One student asked Zemmour about his belief that France’s defeat in the Seven Year’s War, between 1756 and 1763, was the beginning of the nation’s decline. “It seems like a long time ago,” the student said, “but for you, the history of France has been a succession of failed attempts to compensate for this defeat. Is there still any meaning in asserting the existence of a grand French destiny?”So for Zemmour, conservatism seems to be about longing for the days when France was the most powerful nation in the world and floundering around for some way to bring that feeling back.
Zemmour was ready with a response, observing that France’s colonial conquests were an attempt to compensate for that defeat. Today, he went on, French elites have decided, ignobly, that a new kind of French power can be obtained only by entwining the country within the European Union. For him, the process of writing his most recent book, he explained earlier that evening, recalled “the legend about the person who is dying and sees each major stage of his life pass before his eyes: Now we are reliving the main crises we experienced during a thousand years of history.”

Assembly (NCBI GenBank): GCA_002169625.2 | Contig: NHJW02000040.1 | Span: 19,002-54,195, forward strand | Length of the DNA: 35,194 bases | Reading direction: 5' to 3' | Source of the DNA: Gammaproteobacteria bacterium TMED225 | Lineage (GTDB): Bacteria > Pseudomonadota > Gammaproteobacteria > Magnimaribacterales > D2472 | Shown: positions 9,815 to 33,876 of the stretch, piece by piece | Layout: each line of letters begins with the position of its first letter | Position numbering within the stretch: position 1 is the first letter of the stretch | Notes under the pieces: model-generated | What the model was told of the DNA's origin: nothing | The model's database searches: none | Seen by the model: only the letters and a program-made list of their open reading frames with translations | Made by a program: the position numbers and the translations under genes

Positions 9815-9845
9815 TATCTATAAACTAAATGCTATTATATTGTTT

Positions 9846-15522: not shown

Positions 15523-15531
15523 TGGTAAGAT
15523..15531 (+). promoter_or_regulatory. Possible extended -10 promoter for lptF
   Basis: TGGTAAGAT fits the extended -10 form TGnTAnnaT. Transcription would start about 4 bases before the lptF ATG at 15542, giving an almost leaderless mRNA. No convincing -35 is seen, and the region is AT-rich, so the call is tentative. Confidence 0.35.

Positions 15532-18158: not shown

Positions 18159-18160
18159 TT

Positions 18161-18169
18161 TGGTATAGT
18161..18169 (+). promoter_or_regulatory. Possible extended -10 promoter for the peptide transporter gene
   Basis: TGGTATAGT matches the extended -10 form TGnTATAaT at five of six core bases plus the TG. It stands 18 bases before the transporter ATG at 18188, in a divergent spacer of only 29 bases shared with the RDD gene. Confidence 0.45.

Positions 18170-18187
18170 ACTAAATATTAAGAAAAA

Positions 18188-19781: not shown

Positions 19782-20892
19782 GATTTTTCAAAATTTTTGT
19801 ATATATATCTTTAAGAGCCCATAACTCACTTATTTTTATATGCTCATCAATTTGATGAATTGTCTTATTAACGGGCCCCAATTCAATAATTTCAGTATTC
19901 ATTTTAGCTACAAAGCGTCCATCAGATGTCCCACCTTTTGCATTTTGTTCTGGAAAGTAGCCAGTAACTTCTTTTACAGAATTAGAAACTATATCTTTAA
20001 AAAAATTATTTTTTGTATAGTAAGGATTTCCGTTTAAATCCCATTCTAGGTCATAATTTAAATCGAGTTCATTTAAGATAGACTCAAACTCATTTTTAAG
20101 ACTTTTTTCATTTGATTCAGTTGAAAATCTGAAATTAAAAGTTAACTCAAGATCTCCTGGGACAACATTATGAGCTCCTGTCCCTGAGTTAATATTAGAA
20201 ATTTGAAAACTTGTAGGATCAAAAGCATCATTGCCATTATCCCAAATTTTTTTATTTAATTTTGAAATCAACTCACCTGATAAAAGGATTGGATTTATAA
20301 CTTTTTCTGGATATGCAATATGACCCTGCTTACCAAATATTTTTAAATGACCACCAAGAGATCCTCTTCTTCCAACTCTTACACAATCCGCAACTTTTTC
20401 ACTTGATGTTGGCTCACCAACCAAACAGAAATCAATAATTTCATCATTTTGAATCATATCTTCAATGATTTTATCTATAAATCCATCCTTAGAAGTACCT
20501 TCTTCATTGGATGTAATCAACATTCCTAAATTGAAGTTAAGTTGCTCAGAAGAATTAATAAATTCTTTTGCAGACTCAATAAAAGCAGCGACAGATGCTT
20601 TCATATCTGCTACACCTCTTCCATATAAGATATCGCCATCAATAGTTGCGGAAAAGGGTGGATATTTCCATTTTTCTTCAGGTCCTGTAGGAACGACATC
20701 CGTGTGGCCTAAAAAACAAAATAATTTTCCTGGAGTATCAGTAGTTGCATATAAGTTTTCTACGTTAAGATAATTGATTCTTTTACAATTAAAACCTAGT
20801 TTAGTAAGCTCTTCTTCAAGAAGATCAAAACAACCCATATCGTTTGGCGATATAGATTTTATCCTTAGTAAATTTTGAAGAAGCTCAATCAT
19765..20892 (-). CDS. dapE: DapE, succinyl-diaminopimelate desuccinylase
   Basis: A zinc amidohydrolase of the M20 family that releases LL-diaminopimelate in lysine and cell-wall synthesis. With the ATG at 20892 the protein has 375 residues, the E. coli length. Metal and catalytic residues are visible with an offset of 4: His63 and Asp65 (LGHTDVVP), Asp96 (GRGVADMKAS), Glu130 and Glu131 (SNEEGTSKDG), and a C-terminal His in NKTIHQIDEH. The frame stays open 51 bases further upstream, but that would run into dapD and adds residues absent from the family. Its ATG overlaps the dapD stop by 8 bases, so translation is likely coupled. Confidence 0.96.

Wednesday, February 6, 2019
A Real Conservative
Here's an interesting bit from a Times article on French conservative Éric Zemmour, one of those children of immigrants who has become fanatically anti-immigrant himself. People often say (the Times even says at one point) that Zemmour is a Bonapartist who longs for the days of Napoleon's victories, but apparently he really longs for an earlier period: